We also had a delightful tuna ceviche which went splendidly with the wine. The occasional heat of the green chiles de arbol in the ceviche was a nice surprise soothed by bits of avocado. Fun FactChiles de arbol are commonly used dried in Mexican cookery but in regional Indian cuisine they are used in all their green splendor in all manner of ways including just biting into them with a meal. It's hard to believe that chiles came to India relatively recently, through the Portuguese via Spain via Mexico where they are native. Potatoes and tomatoes are equally foreign ingredients that are now well integrated into all types of Indian cuisine.

Check out the other #winophiles thoughts on Languedoc-Roussillon wines!

Friday, May 10, 2019


This month (May) the Wine Pairing Weekend group is focusing on biodynamic wines from Oregon, and more specifically, from the Willamette Valley, OR. OR has the most number of certified biodynamic wineries in the US: a hefty 30%+!

So chances of finding a biodynamic wine from there are large. Or not, depending on how closely you look. Demeter, the largest certifying organization for biodynamic products, maintains a list on their website here. But if you're expecting a comprehensive list of wineries sorted by country, region, etc. prepare to be disappointed. You can certainly take the long-hand approach and narrow it down by crop, etc. but it's as I said, long-hand. So I took the other approach: went to the store, picked up bottles, looked up the wineries to see if they're biodynamic, narrowed down options, picked one because that's all I had time for to taste, pair, and write about hours before leaving town!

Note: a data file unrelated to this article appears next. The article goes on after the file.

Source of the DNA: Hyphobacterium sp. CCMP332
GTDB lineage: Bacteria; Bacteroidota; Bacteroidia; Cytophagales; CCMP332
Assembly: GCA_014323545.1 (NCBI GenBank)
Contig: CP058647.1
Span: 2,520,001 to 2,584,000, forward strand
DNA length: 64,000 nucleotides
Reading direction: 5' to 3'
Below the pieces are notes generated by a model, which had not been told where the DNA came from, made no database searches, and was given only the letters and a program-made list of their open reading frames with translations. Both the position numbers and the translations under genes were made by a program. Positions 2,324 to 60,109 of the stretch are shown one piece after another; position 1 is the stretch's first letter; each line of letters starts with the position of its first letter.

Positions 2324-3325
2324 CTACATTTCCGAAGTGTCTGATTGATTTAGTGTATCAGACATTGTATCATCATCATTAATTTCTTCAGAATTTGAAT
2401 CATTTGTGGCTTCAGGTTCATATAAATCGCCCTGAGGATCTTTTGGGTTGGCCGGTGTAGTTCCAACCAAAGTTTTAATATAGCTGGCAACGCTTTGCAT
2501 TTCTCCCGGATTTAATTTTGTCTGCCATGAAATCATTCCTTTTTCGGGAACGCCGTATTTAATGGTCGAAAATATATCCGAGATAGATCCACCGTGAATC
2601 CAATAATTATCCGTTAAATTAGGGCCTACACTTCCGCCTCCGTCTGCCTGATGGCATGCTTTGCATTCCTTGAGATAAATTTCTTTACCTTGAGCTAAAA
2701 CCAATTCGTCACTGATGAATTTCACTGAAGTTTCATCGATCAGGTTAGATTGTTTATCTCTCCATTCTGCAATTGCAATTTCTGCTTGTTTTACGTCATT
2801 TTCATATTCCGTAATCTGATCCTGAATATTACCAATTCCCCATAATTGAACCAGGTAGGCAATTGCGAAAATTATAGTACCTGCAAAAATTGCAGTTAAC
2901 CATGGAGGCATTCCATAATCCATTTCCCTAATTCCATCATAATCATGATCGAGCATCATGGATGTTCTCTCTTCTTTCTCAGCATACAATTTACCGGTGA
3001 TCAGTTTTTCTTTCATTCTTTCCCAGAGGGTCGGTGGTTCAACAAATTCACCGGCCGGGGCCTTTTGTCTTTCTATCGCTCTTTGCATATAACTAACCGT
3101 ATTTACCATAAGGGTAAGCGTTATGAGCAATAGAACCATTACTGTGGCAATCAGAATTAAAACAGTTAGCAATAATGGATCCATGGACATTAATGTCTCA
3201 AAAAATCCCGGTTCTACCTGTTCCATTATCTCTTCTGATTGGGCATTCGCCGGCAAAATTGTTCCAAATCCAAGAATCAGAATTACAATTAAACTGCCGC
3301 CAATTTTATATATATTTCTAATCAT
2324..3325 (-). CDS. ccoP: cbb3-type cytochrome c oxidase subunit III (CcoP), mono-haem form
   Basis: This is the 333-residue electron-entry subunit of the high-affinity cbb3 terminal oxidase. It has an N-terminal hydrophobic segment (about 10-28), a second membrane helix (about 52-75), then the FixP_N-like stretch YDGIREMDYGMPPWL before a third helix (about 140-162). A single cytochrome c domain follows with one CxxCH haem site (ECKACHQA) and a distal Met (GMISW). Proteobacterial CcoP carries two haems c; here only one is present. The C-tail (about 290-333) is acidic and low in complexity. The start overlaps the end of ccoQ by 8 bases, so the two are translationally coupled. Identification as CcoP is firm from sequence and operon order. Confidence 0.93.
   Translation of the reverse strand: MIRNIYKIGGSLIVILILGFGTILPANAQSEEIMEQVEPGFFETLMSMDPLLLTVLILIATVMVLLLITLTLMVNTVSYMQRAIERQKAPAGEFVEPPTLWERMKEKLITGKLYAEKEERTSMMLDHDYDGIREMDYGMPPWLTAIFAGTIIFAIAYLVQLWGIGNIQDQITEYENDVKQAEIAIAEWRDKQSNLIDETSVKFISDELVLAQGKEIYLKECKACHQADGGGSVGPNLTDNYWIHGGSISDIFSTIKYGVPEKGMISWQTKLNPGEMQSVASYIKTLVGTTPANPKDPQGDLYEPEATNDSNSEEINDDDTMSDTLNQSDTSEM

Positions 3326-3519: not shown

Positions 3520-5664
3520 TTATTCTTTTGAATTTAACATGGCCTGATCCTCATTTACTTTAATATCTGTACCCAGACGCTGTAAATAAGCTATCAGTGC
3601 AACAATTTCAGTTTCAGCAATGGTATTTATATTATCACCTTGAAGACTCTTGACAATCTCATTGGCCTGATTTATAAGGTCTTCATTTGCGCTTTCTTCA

Demeter was established in Europe in 1932, and Demeter USA in 1985. According to their website, "Demeter USA is the only certifier for Biodynamic farms and products in America. While all of the organic requirements for certification under the National Organic Program are required for Biodynamic certification, the Demeter standard is much more extensive, with stricter requirements around imported fertility, greater emphasis on on-farm solutions for disease, pest, and weed control, and in depth specifications around water conservation and biodiversity." It is really the only biodynamic certification I have ever heard of in the US, probably also because Demeter own the Biodynamic trademark.